Burial: Cremated, Location of ashes is unknown.
Paul Cadmus by George Platt Lynes
Paul Cadmus and Jon Andersson
Paul Cadmus by George Platt Lynes
Paul Cadmus by George Platt Lynes, 1953
Paul Cadmus and Jared French, Fire Island, by PaJaMa
Paul Cadmus and Monroe Wheeler, Clinton, New Jersey, 1941, by PaJaMa
Paul Cadmus, Provincetown, by PaJaMa
The painter Paul Cadmus felt "the naiveté of the public was a great benefit if one didn't want to be exposed. I don't think I ever worried about exposure exactly - although I like reticence and I don't like flaunting. But then the world has gotten much more extreme.
"There were never magazines like Screw", Cadmus continued. "The only gay publication that I knew in those days was published in Switzerland, called Der Kreis/Le Cercle. It was bilingual; I think it had French and English. It published some of my drawings and paintings. George Platt Lynes used the pseudonym Roberto Rolf when the magazine published his photos. It printed very good art and had very good stories - not necessarily very gay things but generally homoerotic, I suppose. Not porn. It was quite a charming magazine actually. I would send them photographs of my drawings. It was mailed in a plain wrapper, but it was not junk. I think they published Thomas Mann".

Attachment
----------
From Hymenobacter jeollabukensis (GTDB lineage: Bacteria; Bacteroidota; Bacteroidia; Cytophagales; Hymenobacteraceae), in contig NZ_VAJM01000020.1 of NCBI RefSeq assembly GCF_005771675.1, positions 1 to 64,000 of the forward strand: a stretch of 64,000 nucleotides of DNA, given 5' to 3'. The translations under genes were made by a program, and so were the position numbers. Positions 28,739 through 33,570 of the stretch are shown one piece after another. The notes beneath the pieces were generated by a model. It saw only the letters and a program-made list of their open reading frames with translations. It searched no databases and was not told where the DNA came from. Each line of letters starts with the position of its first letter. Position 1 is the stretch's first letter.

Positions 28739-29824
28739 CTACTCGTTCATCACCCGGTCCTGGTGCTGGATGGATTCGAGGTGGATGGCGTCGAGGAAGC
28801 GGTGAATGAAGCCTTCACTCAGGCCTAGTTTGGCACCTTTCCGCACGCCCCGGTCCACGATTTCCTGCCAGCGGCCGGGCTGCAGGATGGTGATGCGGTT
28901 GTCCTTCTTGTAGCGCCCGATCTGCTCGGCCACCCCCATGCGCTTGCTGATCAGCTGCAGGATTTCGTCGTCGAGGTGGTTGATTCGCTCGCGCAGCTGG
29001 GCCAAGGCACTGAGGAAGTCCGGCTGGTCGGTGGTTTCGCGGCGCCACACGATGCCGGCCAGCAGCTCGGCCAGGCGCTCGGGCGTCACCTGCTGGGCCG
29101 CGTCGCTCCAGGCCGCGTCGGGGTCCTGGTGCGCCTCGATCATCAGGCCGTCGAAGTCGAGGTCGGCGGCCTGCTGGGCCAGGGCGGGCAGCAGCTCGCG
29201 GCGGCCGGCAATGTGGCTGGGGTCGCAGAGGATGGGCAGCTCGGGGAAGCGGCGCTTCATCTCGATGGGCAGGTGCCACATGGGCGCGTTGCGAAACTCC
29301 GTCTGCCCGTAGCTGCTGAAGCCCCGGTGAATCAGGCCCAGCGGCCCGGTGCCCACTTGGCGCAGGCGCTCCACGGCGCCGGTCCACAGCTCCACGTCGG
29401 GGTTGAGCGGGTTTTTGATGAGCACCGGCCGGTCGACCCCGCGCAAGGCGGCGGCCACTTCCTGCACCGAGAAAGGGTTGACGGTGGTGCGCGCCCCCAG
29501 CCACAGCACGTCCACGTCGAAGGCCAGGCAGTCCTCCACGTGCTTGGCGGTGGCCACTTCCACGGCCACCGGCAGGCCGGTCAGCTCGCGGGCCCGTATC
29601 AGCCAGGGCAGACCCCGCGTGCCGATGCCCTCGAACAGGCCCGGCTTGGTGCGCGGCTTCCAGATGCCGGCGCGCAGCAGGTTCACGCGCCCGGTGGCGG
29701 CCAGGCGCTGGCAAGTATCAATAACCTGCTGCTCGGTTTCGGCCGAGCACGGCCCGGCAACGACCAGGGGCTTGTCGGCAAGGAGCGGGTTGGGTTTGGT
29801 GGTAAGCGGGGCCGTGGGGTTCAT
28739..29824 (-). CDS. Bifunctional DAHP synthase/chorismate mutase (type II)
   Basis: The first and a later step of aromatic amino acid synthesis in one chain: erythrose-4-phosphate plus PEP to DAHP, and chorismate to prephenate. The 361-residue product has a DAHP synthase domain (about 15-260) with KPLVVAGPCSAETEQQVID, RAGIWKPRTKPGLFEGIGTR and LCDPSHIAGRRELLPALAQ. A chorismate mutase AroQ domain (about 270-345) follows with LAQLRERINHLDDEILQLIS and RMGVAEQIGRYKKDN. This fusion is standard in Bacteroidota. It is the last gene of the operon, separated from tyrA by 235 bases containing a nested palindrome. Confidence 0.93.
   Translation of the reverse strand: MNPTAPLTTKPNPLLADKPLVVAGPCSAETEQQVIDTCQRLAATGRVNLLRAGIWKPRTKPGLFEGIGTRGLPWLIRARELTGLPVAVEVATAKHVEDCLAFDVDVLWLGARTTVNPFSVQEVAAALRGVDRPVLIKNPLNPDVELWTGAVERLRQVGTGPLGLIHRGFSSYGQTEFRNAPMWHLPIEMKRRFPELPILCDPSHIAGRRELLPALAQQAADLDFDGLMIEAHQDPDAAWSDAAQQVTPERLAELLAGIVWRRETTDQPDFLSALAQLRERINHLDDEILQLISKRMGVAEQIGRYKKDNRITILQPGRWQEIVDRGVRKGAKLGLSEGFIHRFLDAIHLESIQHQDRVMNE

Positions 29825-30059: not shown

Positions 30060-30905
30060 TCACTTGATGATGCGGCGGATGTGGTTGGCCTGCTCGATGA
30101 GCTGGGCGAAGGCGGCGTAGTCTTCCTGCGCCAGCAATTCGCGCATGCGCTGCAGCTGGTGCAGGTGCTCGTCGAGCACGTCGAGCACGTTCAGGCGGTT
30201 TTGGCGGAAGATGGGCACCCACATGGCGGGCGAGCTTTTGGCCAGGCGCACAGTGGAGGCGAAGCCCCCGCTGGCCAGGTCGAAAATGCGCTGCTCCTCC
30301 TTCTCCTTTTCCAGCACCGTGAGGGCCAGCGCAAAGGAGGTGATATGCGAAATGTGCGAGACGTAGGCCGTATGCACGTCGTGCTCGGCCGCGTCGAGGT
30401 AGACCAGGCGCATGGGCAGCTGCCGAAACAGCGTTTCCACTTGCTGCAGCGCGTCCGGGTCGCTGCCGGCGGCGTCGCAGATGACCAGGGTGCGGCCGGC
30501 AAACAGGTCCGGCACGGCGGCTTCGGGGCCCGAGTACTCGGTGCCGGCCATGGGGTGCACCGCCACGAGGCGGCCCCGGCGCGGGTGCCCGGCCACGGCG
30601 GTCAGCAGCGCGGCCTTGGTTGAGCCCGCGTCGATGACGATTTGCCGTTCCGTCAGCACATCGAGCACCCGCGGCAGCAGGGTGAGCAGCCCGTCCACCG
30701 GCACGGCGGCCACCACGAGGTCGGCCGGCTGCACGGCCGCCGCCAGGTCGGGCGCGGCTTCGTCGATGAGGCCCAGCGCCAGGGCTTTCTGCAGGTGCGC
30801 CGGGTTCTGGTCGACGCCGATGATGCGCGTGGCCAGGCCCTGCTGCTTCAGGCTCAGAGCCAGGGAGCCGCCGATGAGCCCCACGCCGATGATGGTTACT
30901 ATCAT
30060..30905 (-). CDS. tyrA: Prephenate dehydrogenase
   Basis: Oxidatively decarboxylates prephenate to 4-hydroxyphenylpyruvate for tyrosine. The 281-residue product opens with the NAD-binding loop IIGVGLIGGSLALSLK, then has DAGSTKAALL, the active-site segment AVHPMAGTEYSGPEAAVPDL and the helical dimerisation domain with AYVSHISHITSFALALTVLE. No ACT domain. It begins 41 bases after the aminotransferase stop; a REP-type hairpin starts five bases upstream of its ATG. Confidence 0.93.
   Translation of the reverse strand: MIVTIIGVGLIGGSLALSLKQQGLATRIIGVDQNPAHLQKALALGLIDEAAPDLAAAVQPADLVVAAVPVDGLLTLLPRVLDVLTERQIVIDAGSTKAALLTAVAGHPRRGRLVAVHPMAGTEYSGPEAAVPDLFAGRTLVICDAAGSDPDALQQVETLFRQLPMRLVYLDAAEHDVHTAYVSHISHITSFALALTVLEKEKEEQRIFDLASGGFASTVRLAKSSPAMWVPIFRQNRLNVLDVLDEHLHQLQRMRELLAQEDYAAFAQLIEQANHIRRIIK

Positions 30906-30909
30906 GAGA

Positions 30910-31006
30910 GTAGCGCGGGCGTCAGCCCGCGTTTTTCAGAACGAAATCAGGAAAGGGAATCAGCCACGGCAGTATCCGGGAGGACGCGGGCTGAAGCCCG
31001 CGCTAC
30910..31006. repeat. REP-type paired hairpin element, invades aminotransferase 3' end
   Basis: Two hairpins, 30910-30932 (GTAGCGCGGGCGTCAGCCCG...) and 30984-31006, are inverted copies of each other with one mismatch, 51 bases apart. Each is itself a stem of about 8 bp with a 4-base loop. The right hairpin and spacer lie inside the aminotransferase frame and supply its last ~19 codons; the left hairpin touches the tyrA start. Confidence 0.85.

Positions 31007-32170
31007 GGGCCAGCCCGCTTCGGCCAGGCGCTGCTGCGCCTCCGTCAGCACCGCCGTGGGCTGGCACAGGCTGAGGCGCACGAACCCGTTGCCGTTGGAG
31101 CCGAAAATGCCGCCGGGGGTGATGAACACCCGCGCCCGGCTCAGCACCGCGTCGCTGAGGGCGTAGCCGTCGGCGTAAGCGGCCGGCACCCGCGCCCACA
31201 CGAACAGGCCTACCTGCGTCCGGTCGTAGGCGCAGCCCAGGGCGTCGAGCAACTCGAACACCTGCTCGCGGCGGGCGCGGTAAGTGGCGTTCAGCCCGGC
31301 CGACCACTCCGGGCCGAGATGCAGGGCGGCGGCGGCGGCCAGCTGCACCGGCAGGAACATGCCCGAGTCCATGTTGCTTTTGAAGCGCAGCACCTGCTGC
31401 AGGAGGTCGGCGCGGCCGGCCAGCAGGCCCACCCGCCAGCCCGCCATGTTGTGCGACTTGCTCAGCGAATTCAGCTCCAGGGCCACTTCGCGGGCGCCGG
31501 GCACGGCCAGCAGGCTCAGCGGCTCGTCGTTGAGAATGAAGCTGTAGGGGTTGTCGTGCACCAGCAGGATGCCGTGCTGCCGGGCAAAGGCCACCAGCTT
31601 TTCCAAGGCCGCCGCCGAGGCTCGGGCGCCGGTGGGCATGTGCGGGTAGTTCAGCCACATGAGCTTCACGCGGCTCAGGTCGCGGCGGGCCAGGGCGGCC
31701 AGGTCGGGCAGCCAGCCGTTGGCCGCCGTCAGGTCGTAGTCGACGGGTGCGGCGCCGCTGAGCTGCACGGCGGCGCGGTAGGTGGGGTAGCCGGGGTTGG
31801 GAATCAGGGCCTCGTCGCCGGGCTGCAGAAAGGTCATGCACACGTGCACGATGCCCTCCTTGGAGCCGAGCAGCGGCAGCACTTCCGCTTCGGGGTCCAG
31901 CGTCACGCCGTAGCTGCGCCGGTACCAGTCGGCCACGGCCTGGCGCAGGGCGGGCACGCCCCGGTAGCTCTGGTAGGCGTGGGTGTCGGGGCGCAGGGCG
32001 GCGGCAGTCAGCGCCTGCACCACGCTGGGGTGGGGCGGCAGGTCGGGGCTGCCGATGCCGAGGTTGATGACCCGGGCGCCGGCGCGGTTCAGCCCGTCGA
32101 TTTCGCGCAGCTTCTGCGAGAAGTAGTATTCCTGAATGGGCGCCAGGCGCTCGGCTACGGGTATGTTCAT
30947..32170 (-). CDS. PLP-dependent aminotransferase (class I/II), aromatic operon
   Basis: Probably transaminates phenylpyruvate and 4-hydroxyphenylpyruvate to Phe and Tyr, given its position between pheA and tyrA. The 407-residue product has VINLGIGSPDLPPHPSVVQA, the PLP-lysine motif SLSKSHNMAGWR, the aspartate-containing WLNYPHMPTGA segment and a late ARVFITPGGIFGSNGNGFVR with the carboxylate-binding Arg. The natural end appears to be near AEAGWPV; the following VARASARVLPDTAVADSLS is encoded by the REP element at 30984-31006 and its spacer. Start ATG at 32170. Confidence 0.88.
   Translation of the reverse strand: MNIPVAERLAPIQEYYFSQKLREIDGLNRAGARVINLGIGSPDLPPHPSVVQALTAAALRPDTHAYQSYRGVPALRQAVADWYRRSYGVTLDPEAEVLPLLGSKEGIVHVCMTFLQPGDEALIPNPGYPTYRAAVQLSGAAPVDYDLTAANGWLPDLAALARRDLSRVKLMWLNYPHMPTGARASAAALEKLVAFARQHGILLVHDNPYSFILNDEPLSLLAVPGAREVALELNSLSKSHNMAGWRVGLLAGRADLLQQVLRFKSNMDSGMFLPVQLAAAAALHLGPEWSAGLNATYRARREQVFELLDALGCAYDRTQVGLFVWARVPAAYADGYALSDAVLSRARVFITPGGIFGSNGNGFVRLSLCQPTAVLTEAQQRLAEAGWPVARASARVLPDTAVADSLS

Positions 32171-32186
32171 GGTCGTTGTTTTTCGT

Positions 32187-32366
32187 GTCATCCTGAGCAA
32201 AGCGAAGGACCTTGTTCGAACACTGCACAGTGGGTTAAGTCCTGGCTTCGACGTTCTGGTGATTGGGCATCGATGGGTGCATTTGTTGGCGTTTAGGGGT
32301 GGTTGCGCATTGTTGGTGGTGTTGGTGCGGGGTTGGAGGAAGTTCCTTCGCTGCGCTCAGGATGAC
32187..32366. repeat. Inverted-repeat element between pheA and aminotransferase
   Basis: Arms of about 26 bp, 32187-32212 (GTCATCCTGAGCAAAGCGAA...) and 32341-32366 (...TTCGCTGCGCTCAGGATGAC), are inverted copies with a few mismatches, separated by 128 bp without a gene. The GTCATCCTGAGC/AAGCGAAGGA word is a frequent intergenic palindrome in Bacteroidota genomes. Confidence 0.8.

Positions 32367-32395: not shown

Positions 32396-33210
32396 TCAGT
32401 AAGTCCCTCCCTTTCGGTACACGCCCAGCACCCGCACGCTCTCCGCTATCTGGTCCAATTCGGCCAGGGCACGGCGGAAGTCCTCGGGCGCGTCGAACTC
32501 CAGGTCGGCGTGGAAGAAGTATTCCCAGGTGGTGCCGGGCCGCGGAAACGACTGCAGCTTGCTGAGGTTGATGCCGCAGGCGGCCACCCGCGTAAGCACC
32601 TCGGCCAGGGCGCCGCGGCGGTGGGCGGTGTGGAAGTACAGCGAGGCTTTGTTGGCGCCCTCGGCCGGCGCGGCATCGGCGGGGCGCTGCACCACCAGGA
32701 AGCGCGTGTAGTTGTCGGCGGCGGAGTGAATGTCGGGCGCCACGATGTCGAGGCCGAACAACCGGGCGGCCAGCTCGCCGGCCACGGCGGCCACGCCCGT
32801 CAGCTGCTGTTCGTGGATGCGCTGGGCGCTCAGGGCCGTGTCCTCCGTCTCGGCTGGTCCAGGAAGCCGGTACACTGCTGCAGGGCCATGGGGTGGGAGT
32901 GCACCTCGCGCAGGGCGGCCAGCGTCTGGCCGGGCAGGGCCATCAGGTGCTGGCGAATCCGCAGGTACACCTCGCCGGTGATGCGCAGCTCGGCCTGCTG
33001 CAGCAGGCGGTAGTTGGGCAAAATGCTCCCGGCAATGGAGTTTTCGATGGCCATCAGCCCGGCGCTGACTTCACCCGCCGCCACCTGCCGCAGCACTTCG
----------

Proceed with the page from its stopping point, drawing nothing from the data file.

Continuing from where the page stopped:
In 1937 Lincoln Kirstein met the painter Paul Cadmus, who pioneered his own style of "magic realism". Cadmus believed Kirstein championed Johnson (Philip n.d.r) later on mostly because he thought he was a good architect. "Lincoln's always been very supportive of good art", said Cadmus, "even when it wasn't popular. He didn't give a damn about what other people liked".